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SIMSpace 8.0 dev journal entry #1

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Norman Barrows


SIMSpace 8.0 dev journal entry #1

SIMSpace 8.0 dev journal entry #1

figuring out the basics.

this will be the 8th major version of the game that got me into game
development. In the past the game was a top 10 download on AOL,
with over 10,000 downloads the first week - and this was BEFORE
the internet existed! Its sold as many 250+ units per month, not bad
for an indie title. you also have to remember the market was much
smaller then. its traditionally enjoyed a 2% or better demo to sales
conversion rate, which is considered quite good in most marketing
circles. Its also the first Star Trek starship flight and combat
simlator ever made. When Gene died, paramount's lawyers called me
and asked me to stop making Star Trek games as they now had the
rights to Star Trek and wanted to make them themselves. As a
developer i'm somewhat pleased, and as a Star trek fan and gamer
i'm very disappointed that the few starship flight sims paramount
did do were never quite as good as SIMTrek/SIMSpace. The game also
got some good free press coverage. Electronic gaming magazine named
it one of its six best of shareware for 1990 (or was it 1989?),
alongside five other popular shareware games of the time, including
a game called "castle wolfenstein 3d" by a company called Id software.
thats right - it got side by side reviews in a gaming mag alongside
the original wolf3d as one of the best shareware games of the year.

the last version was released in 1997 or so. I had entered into a
deal with a publisher, but we cancelled the deal by mutual agreement
after a year due to differences of artistic vision. they wanted to
turn a hard core starship flight sim into an arcade game. After
breaking free from the publisher, i cleaned up the code as best i
could and shoved it out the door. in the end it cost me one year
of dev time and about $1000 dollars, and all i had to show for it
was one rendered bridge screen done by an outside artist recommended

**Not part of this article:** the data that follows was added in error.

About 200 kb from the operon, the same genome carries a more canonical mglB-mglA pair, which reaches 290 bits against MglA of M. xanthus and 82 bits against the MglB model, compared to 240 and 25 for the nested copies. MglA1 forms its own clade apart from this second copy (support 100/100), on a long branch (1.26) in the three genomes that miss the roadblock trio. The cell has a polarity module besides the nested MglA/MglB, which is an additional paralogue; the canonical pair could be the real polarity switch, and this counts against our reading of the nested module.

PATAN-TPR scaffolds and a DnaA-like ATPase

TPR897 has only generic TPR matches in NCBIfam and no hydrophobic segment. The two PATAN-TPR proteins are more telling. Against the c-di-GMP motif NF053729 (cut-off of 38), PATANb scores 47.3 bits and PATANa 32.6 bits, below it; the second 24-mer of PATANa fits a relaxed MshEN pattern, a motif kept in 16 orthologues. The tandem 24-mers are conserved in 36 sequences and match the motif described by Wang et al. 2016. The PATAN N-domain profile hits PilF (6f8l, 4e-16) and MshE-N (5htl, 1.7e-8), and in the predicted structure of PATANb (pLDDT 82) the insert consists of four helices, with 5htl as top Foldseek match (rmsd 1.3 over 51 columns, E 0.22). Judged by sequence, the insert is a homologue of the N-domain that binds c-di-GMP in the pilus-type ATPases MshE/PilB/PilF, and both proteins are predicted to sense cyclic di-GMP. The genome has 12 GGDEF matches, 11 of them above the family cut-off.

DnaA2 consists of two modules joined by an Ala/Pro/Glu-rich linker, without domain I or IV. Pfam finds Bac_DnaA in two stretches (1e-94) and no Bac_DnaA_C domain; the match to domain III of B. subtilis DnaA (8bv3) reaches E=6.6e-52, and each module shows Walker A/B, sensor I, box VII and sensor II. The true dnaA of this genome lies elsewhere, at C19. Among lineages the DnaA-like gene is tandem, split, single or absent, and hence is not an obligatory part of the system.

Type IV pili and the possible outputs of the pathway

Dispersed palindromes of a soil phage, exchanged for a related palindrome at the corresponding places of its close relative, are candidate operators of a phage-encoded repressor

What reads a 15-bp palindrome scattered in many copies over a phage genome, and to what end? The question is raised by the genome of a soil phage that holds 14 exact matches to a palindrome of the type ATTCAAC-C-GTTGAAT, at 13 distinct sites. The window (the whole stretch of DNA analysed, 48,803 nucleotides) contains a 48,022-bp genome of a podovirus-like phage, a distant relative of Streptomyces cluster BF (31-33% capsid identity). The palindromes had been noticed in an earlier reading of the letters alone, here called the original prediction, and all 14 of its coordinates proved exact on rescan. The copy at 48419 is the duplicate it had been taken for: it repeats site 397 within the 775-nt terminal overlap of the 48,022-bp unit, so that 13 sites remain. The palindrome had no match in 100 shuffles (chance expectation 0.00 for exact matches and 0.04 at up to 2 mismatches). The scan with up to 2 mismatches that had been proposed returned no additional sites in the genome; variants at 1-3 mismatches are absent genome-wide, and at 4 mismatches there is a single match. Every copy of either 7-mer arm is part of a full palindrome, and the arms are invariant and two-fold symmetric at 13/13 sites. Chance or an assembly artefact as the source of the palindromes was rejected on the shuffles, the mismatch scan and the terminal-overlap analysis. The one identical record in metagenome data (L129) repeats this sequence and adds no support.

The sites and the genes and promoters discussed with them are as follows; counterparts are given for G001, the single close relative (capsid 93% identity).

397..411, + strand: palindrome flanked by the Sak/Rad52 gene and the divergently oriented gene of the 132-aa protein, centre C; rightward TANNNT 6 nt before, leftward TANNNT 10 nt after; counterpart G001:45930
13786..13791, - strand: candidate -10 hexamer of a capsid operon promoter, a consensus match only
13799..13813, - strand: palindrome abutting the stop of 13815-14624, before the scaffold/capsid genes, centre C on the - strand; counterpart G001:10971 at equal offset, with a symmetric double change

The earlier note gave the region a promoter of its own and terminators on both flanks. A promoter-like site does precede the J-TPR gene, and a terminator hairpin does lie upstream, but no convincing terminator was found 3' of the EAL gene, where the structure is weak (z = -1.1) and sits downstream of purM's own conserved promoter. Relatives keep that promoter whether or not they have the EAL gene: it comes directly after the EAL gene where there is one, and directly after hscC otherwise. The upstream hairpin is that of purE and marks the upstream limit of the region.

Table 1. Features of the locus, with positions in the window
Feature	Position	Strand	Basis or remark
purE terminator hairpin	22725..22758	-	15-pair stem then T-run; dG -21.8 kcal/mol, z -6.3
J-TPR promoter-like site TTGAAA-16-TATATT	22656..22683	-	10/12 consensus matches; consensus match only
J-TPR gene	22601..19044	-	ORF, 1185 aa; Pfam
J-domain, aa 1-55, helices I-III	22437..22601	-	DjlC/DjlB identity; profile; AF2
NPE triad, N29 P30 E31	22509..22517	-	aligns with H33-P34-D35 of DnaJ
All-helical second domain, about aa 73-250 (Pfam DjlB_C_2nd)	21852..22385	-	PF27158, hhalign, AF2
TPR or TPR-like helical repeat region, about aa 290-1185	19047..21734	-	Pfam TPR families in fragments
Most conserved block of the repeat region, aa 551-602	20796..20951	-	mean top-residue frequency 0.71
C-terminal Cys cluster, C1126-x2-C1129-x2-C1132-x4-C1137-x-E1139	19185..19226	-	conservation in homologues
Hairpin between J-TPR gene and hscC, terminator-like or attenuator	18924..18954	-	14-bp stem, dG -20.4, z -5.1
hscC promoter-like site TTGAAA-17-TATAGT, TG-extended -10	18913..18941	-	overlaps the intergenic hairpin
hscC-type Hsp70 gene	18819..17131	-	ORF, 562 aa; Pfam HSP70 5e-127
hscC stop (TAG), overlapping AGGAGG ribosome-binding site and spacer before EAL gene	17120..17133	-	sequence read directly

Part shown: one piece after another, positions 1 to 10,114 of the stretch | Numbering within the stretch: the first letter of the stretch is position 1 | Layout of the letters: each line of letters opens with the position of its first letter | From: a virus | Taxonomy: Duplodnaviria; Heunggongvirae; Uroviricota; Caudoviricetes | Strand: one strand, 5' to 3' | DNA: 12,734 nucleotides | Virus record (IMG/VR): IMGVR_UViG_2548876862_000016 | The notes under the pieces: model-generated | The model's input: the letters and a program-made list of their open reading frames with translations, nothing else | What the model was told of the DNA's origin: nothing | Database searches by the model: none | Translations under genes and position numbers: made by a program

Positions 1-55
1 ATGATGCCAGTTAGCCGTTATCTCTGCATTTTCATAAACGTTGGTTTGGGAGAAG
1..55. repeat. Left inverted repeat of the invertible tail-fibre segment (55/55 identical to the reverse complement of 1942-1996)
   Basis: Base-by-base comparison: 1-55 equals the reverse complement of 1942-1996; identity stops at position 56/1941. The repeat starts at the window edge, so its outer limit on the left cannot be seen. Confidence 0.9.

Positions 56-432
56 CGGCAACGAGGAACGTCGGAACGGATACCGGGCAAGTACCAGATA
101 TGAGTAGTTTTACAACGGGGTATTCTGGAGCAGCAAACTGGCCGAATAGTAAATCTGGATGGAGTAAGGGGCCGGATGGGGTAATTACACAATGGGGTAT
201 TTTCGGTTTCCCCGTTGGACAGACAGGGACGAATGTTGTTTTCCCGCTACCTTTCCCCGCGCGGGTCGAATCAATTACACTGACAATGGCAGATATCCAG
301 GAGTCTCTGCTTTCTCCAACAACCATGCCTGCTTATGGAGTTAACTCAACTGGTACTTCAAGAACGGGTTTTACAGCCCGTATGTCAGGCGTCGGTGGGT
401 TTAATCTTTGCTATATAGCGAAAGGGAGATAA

by the publisher where the control screens were too small to display
info and use as action areas.

so now its time to do it right.

step one:
how to store large distances.

like the previous versions of the game, i want to have 1000 star
systems in the game world. so i began by determining the approximate
stellar density of the galaxy, to determine how much space on average
would hold 1000 stars. i came up with a world size of a cube 2E17
meters across.

so, how to store such large distances? i considered int64 in
decimeters and int64 in light-years, which is good up to about 2.5
galaxies in size. i experimented with int64 decimeters. but overflow
during AI calculations was a potential concern. also, if i store
x,y,z as floats, it makes conversion to camera relative coordinates
trivial for short ranges. i finally settled on x,y,z in floats from
0 to 1 million meters. a sector is 1 million meters across. a
quadrant is 1 million sectors across. and the game world is 200
quadrants across. so a location is given by a quadrant (qx,qy,qz),
a sector in the quadrant (sx,sy,sz), and a location in the sector
(x,y,z in meters). since i don't use int64's i can use my standard
routines such as get_heading_to_location, get_angle_to_location, etc.

the next step was to setup a player ship and make it move. basic input
was implemented, letting the player set desired heading, angle, and
speed. a show_tgt_info routine was written to display the player's
ship info. a basic update routine was written to turn and move the
ship based on desired heading, angle and speed. this got the guts of
input and update up and running.

the next step was to implement a target list, make the update routine
generic for all targets, and add AI to control a ship. all this has
been done. the AI can fly to a location. in fact, with this the
hardest part of the entire game has been done. turns out the hardest
part of writing a starship flight sim is getting the AI to drop out
of warp and stop on a dime as quickly as possible without
overshooting its target (and without cheating). think of a rail
dragster: it goes REALLY fast, and turns REALLY slow. so unless you
slow WAY down, you can't turn fast enough to make course corrections.
imagine trying to make the turn off of the track at the end of a run
at 300+mph. it just ain't happening!

so the next step is to make it draw targets. i already have all the
"shell" code done. IE the title screen, main menu, basic game loop etc.
but all it does is clear the screen, display target info, and draw a
ship directly ahead at the orientation of the target being flown by
the AI in order to better visualize how the AI is steering the ship.
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